The Johnson Amendment that President Trump recently promised in his recent National Prayer Breakfast speech to "get rid of and totally destroy" doesn't show up much on lists of issues the American public cares about. But it should.
But first, what is it? Congress adopted it in 1954 (it's named after the man who would become President Lyndon B. Johnson) to prevent charitable organizations, including faith communities, from engaging in partisan politics. The idea is that if such groups do endorse political candidates, they should lose their tax-exempt status.
The most egregious potential violation of the Johnson Amendment is usually described as a preacher endorsing a specific presidential candidate from the pulpit. That doesn't happen much, and even when it does, the Internal Revenue Service has been lax about removing the tax exempt status of the offending church, synagogue, mosque or other kind of house of worship.
Here is National Public Radio's fairly brief explanation of the amendment and how it's been (sort of) enforced. The piece notes that the amendment provides that churches and other nonprofit organizations that are exempt from taxation "are absolutely prohibited from directly or indirectly participating in, or intervening in, any political campaign on behalf of (or in opposition to) any candidate for elective public office." So it's not just presidential endorsements but any candidate at any level.
And it's not just faith communities affected by the law. It's any tax-exempt nonprofit.
But it's hard to enforce because strict enforcement would mean having agents checking out every worship service in the country and every public gathering sponsored by any other non-profit.
Still, a law that's not enforced is no law at all, and, in fact, leads to a disrespect for the law. Which is why the IRS should make a better effort to hold down abuses of the Johnson Amendment -- and they are plentiful on both the left and right of the political spectrum. In fact, as the NPR piece notes, there may be more violations by political-left-leaning churches than any other groups.
Just so you know, there's already been introduced in Congress a bill that would, in effect, repeal and replace the Johnson Amendment. This RNS story explains what it would do.
But why do we continue to need the Johnson Amendment? Randall Balmer, who chairs the religion department at Dartmouth College, answers that question clearly in this Los Angeles Times commentary.
As Balmer argues:
"Kvetching from the religious right is really just an attempt to confuse voters with sleight of hand. Even as they complain about the supposed limitations on their freedom of speech, these leaders fail to acknowledge that tax exemption is a form of public subsidy. The vast majority of the nation’s religious organizations — churches, mosques, synagogues — pay no taxes other than Social Security taxes on wages. So, no income or corporate tax and no property taxes.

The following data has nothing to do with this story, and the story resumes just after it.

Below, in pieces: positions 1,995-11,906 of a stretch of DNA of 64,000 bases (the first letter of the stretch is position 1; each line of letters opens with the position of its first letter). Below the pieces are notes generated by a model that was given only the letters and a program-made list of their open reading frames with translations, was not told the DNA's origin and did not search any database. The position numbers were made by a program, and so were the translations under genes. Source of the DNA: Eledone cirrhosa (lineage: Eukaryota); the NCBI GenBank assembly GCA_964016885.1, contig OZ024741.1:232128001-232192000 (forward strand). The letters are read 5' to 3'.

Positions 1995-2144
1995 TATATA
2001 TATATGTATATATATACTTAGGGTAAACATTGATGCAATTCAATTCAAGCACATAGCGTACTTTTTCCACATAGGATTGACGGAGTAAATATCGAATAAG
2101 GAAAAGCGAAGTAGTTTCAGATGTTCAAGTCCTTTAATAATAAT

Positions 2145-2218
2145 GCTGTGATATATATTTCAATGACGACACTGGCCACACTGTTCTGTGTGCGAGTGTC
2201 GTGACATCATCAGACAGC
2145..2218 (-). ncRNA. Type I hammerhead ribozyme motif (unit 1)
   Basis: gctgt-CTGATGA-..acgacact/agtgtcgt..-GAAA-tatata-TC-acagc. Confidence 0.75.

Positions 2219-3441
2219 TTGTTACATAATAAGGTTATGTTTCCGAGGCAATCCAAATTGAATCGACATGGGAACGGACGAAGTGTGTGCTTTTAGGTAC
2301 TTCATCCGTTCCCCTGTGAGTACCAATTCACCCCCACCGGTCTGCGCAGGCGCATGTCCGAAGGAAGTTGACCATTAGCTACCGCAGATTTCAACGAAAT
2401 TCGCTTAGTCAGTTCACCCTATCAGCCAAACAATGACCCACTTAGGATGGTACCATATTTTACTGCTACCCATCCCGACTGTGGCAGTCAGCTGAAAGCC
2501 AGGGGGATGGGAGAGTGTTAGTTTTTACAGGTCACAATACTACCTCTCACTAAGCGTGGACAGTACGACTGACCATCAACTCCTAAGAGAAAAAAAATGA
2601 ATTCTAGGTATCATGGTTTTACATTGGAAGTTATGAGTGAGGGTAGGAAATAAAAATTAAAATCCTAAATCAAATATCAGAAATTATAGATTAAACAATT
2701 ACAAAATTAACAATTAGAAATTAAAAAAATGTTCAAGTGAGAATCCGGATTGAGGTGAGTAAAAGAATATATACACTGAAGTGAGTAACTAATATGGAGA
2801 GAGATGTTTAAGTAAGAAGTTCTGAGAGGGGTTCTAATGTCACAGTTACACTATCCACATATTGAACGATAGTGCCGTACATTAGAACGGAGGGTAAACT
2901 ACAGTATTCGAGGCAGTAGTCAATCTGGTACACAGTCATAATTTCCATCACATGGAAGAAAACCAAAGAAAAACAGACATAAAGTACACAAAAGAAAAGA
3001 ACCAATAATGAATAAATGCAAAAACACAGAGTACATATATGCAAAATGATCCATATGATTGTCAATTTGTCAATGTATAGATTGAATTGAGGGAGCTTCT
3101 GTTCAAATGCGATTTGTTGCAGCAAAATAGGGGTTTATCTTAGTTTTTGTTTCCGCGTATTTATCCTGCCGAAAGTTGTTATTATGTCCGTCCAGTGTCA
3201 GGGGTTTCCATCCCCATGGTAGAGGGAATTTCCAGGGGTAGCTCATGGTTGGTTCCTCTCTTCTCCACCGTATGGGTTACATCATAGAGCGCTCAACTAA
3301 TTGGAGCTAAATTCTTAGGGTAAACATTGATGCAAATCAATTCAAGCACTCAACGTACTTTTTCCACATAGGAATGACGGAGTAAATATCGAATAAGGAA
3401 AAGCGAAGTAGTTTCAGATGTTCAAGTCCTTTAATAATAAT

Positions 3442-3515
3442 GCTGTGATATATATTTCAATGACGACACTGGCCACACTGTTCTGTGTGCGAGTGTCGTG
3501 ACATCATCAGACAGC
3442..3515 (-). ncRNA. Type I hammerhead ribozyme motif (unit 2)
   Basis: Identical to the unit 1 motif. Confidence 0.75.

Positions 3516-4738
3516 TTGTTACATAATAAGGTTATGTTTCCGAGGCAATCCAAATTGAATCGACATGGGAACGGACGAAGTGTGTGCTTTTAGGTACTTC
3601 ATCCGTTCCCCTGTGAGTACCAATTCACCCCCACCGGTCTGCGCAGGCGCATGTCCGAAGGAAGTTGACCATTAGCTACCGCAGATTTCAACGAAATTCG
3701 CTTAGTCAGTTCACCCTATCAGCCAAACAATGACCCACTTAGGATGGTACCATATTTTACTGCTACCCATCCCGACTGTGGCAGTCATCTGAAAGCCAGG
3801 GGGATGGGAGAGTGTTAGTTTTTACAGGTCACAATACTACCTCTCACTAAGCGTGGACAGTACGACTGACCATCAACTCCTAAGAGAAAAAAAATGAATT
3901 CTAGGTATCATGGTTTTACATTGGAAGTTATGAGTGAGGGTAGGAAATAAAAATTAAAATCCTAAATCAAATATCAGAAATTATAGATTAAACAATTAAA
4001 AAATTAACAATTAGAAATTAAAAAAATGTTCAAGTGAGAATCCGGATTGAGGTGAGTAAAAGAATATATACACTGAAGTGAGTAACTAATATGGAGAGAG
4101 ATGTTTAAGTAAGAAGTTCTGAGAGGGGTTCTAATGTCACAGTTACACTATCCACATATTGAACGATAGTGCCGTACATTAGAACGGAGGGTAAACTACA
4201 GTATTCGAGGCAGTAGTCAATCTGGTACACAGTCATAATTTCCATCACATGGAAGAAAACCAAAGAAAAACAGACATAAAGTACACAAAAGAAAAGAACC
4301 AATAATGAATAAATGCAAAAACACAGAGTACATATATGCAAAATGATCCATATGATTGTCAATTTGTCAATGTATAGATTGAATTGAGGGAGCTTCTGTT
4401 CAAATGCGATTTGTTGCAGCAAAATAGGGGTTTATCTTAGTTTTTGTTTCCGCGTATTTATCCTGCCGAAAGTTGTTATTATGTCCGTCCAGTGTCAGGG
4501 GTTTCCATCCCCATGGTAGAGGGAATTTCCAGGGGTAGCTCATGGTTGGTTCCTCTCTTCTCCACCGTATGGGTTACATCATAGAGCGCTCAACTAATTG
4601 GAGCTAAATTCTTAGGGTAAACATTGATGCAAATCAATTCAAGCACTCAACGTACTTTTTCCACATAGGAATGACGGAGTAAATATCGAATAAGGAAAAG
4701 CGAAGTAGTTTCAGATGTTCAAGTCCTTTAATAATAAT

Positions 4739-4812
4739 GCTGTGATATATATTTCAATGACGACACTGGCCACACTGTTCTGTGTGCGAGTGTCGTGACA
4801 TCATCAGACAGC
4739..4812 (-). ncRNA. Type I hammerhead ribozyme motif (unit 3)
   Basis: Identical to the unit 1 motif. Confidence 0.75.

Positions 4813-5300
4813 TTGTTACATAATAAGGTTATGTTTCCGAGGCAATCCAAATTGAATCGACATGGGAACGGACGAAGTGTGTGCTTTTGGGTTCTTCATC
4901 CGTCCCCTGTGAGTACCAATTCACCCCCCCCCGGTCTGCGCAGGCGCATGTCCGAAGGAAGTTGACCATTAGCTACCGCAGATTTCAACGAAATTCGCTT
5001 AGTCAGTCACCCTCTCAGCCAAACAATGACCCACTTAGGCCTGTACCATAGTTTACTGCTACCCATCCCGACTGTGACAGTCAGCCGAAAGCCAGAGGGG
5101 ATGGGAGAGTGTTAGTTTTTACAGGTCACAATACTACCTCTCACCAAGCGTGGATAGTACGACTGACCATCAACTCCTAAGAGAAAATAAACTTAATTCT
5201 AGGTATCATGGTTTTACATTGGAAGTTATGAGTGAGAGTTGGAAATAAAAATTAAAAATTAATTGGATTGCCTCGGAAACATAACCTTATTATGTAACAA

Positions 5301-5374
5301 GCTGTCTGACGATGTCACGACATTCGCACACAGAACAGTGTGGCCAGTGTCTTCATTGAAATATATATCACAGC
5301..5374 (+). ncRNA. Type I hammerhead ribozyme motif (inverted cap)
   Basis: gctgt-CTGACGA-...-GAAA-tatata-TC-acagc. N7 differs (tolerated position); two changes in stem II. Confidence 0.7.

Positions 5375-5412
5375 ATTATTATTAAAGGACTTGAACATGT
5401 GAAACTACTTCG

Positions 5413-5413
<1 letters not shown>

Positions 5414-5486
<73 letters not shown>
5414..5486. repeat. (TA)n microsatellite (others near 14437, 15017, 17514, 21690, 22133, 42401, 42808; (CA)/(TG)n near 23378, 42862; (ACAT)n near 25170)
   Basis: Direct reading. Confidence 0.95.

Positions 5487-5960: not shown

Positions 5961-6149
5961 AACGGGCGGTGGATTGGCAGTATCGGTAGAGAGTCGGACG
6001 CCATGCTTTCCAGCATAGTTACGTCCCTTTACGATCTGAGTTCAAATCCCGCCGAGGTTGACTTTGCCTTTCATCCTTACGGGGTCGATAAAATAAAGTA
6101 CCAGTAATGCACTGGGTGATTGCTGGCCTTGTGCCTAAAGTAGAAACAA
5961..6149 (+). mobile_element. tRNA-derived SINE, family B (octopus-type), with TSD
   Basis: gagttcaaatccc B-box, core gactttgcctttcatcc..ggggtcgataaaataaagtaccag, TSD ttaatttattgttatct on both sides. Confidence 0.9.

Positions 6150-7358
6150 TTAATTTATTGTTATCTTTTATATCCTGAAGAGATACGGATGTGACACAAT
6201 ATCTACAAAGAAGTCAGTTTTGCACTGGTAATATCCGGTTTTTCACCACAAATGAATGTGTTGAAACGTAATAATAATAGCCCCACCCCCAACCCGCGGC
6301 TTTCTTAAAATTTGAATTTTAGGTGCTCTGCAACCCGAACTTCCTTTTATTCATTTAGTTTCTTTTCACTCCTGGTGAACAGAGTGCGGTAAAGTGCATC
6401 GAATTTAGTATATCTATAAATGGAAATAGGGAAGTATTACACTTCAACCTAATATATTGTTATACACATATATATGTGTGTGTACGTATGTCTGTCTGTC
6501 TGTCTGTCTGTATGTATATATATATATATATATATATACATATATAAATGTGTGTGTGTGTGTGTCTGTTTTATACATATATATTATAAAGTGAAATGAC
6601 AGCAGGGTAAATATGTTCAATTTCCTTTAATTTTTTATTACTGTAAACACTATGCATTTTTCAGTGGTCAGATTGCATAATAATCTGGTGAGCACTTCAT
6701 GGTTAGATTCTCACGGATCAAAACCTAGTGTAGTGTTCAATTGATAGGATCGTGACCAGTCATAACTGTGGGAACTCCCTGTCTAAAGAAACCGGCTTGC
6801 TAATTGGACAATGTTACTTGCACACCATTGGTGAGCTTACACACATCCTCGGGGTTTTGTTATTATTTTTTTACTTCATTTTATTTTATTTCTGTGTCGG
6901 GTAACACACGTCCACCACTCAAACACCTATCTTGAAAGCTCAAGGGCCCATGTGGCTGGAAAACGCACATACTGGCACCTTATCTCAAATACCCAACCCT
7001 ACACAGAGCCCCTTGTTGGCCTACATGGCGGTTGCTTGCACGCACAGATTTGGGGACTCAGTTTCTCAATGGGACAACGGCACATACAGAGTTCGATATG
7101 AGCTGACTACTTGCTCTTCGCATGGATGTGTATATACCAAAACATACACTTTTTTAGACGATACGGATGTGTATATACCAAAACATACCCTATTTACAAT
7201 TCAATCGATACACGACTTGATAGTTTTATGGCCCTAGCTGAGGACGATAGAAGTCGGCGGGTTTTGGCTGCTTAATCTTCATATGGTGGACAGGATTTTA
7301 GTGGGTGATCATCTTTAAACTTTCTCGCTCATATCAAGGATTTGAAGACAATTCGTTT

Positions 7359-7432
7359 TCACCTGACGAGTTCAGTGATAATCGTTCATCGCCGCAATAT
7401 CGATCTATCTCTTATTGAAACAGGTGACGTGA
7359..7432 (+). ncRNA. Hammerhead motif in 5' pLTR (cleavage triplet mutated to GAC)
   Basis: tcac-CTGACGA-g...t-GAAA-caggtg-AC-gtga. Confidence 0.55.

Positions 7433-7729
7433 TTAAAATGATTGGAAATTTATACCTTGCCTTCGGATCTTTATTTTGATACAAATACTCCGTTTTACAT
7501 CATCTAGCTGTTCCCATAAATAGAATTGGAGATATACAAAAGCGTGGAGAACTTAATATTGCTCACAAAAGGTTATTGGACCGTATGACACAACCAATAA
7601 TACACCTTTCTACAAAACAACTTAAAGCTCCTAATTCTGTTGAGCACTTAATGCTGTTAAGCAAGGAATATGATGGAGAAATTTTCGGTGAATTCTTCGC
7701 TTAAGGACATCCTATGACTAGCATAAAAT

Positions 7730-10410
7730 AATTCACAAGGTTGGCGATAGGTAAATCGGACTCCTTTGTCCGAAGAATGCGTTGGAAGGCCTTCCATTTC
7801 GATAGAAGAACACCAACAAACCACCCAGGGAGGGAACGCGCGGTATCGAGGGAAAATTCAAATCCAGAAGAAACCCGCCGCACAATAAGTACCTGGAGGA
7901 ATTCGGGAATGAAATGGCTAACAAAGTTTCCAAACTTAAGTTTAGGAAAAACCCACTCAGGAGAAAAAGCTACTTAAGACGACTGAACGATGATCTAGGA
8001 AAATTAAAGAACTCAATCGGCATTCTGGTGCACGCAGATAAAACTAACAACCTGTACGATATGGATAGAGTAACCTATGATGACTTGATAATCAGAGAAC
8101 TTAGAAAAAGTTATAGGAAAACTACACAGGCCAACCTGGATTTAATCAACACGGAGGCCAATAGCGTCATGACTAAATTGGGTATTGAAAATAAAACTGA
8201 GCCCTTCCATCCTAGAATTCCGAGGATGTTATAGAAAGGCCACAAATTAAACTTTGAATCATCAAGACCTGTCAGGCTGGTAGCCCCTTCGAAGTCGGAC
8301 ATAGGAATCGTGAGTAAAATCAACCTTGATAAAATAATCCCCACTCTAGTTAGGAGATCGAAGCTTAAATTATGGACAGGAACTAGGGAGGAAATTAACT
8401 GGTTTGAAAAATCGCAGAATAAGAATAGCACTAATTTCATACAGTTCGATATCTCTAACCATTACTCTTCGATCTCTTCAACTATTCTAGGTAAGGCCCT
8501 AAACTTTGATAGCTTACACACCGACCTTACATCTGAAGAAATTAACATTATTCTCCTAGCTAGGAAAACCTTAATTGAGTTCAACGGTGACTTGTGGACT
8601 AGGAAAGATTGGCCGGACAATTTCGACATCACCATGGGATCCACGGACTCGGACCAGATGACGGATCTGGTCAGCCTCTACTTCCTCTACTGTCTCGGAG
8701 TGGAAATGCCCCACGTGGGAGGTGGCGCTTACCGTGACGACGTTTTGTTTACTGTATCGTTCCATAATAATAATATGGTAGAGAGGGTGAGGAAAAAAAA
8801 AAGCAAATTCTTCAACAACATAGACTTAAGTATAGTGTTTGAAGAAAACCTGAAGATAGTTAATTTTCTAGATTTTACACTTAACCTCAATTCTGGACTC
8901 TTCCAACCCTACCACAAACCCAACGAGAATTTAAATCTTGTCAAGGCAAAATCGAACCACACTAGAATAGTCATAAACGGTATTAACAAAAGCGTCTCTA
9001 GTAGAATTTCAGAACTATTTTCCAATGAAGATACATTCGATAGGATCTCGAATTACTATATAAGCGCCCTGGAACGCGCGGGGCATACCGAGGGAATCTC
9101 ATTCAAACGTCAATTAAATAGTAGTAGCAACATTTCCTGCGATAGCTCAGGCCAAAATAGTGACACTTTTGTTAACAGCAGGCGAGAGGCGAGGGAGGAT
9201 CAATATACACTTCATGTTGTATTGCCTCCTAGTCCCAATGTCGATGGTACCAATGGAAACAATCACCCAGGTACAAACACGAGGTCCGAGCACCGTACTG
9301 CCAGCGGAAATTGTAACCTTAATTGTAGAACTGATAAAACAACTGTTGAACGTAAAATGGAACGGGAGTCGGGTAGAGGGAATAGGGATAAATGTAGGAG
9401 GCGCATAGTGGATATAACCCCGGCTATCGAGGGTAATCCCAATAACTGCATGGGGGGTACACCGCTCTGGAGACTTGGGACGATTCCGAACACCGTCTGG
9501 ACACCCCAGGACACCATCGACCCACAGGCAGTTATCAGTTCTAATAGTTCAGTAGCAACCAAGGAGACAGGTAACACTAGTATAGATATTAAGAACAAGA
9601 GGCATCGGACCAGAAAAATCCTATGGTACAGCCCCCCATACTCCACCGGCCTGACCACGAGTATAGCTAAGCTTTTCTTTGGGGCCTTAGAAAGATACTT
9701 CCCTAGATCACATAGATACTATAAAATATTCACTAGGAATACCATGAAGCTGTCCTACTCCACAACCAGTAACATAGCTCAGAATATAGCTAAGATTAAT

"We can have a vigorous debate about whether or not such an exemption is a good thing. (I think, on balance, it is; the founders recognized the value of voluntary associations and sought to encourage them.) But that discussion aside, the bottom line is that taxpayers in any given community effectively subsidize religious groups by paying extra taxes to support municipal services such as police protection, firefighters, parks, snow removal, road maintenance and the like."
If groups want to continue to receive that public subsidy, they should be willing to get out of the political endorsement game. As the NPR piece to which I've linked you above notes, "Overturning the law, however, would also have major implications for campaign finance. If churches or clergy are allowed to participate in political campaigns, tax-free donations to the churches could go to support a political candidate. Religious organizations could become bigger money players in politics."
Non-profits have a lot of freedom about what they say and do, as they should. But it would be a terrible idea to let them keep their tax-exempt status and still be free to be active political endorsers. As a member of a congregation, I don't expect or want that from our clergy. They have other, more important tasks, and as things stand now many clergy don't have the time to do now all that they're already called to do. To get them engaged in active politics would mean they'd be less available for spiritual needs, though, of course, sometimes those two fields cross.
I thought this Capital Broadcasting editorial made a good point about why it's important to keep the Johnson Amendment: Killing it "has everything to do with opening up another unfettered and unregulated avenue to pump billions into American politics. It is an invitation for corruption and destruction of the principle of church-state separation." Bingo.
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THE POPE STANDS HIS GROUND
Pope Francis, through some recent decisions, has stirred up more opposition. And as this commentary on Crux has it (correctly), it demonstrates that this pontiff is on the right track. His critics, meanwhile, are showing themselves to be hypocritical and duplicitous.
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P.S.: When I wrote here recently about the many faith-based groups issuing statements about current developments in the news, I failed to include one from the Greater Kansas City Interfaith Council that I think would interest you. You'll find it here. Council members there say, among other things, that "we find ourselves disheartened by news reports that point to the idea of creating a registry of Muslims in the United States." Disheartened is putting it mildly.
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ANOTHER P.S.: My latest National Catholic Reporter column -- about death, of all subjects -- now is online here.